Why Christianity Is Believable: Part Three

One might well object to the foregoing thus: “The New Testament is our only record of these events, and it’s hopelessly biased and therefore unreliable. So we can’t know what really happened.”

Let’s begin by acknowledging the obvious: the New Testament is, indeed, biased. It is strongly biased, in fact: written entirely by devotees of Jesus, each of whom writes according to the tenets of orthodox Christianity (or his writing wouldn’t have been accepted by the early church into the canon–the approved group of scriptures).

But so what? Most (all?) historical writing is biased. Who devotes himself or herself to a careful historical accounting of a subject in which one has no interest and about which one has no strong opinion? Pick among the famous historians of the ages: Herodotus, Thucydides, Livy, Tacitus, Eusebius, Bede, Hume, Gibbon, Macaulay, Beard, von Ranke: they’re all conspicuously biased. Pick your favourite historian today: same deal.

The serious historiographical question is never that of bias. People who don’t know much about history-writing fret about bias, but no historian and no experienced reader of history does. The question instead is whether bias interferes with veracity.

Often it doesn’t, of course. Those who care most about an event are usually (not always) the best reporters of it. Again, who else cares to get the details straight, or to report on it at all (as most Roman and Jewish historians of the time understandably do not report on the life and death of Jesus)? The question is always whether the historian evidently is trying to portray what actually happened (rather than evidently writing flattery or deceit) and whether we have any other grounds to trust his or her word: any sort of corroboration, for example, or other writings of his or hers that we can verify in some way, or the testimony of reliable others to the veracity of the account in question, and so on.

So let’s turn to the Gospels. Matthew, Mark, Luke, and John—whom ancient church tradition understands to be the Gospel authors—were not professional historians. According to the early traditions, they came from four different trades: Matthew was a tax collector, Luke was a physician, John was a fisherman—we don’t know what Mark’s trade was. Each was an amateur simply doing his best to serve the first Christians with reliable accounts of the work of Jesus. Leaving aside the question of supernatural inspiration and even whether church tradition is correct about the authorship of what are, in fact, anonymous documents, the four Gospel writers worked the same way all historians work: they collected accounts, both oral and written; reflected on whatever personal experience they might have had with their subject; and set to work writing brief portraits of their Lord for their intended audiences.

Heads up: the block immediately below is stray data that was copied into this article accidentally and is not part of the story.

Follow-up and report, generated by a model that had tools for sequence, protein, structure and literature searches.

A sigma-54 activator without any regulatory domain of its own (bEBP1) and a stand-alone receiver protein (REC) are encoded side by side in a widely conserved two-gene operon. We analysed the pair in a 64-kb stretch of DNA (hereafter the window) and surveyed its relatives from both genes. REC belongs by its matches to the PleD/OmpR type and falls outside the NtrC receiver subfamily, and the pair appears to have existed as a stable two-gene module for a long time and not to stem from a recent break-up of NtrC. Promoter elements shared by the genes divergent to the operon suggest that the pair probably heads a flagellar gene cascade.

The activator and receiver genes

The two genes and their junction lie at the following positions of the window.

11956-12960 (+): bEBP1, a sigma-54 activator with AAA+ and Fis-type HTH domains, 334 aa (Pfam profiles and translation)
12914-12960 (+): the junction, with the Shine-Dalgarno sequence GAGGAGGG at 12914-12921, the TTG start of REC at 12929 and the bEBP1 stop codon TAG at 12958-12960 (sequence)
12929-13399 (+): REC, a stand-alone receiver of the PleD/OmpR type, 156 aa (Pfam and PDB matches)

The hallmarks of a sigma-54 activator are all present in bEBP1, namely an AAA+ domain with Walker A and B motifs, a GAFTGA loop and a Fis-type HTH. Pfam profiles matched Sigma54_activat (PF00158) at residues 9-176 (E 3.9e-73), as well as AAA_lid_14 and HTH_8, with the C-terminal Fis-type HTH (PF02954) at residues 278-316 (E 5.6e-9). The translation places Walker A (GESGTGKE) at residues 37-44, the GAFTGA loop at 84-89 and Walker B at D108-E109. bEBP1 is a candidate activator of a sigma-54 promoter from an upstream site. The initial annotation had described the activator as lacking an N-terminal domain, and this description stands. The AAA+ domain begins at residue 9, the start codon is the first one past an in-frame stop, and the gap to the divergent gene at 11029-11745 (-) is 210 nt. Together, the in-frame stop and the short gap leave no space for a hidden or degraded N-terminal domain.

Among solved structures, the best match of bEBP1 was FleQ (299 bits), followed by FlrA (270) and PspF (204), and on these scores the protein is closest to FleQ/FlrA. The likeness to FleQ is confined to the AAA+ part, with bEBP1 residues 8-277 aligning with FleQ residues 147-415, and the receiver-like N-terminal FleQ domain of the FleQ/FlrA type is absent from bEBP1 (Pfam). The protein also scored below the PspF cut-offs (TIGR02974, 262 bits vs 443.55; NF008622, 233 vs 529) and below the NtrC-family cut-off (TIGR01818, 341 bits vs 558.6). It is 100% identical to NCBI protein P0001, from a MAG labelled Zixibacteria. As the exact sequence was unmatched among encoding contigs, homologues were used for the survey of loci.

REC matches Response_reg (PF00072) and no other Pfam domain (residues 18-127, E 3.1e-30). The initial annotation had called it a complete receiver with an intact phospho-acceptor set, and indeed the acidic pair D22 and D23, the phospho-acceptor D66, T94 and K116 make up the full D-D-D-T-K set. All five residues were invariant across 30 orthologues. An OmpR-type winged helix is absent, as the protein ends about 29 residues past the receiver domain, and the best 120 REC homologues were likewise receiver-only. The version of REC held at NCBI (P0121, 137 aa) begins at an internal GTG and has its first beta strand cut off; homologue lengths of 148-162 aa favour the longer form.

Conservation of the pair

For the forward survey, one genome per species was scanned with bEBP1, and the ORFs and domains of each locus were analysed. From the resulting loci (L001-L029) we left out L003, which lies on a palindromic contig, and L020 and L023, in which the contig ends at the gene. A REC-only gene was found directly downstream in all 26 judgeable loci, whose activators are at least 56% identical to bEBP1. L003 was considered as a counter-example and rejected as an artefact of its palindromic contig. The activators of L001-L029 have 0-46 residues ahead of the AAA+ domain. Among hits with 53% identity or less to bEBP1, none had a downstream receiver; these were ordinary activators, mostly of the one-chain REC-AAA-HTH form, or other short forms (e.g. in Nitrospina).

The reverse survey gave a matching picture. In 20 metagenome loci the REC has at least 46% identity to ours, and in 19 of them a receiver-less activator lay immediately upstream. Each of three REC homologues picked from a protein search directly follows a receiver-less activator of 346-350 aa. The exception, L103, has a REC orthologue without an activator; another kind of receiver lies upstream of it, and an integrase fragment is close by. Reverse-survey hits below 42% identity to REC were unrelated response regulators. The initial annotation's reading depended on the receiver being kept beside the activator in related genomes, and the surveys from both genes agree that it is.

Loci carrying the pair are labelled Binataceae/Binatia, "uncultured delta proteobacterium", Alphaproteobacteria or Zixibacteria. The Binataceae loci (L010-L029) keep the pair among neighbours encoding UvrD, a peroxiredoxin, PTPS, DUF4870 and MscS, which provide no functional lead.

But did they write reliable history? To answer this honestly, I need to risk making enemies among my professional friends by asserting that there is no field of contemporary literary or historical study that is as rich, but also as confused, as New Testament scholarship. It seems that one can find a well-credentialed scholar proclaiming virtually any thesis imaginable about this or that part of the New Testament.

There are a variety of reasons for this cacophony of dissenting voices. For one thing, there is no text in western civilization that matters as much as the New Testament: not the Magna Charta, not the Declaration of Independence, not “E = mc2.”  For better or worse, no text has affected our civilization like this collection of small first-century books.  Furthermore, when scholars study the New Testament, ultimate things are at stake. The text itself claims to describe the most fundamental realities: God, the world, humanity, sin, salvation, heaven, hell, morality—who can study it and remain indifferent to its implications?

So while one can recognize the eruditon of many New Testament scholars past and present, it is likely (and, I think, evident) that in at least some cases their expertise has been put at the service of highly personal religious agendas.  In the eighteenth and nineteenth centuries, in fact, pioneering scholars like Simon and Reimarus and Wellhausen and Baur pursued their studies with openly unorthodox, even anti-orthodox, concerns that skewed their work—even as each of them made important contributions to the understanding of the Bible.  There is no reason to suppose that more recent scholars are so different from their distinguished predecessors.

The current scholarly voices that proclaim the gospels to be suspect as historical sources therefore must be listened to with caution—particularly since many reputable scholars think the gospels are in fact quite reliable.  One must neither accept unquestioningly whatever happens to be the trend of the moment in New Testament scholarship, nor dispense with the whole field entirely.  A critical arm’s-length stance serves one well in any area of human inquiry, and especially in one so contested as this is.

I myself, as a professional historian, have concluded that the gospels are at least basically reliable in their portrayals of Jesus.  They vary from each other in details, even important ones, but their individual and composite portraits of the life and times of Jesus of Nazareth seem at least as reliable as any other historical sources we have about the ancient world.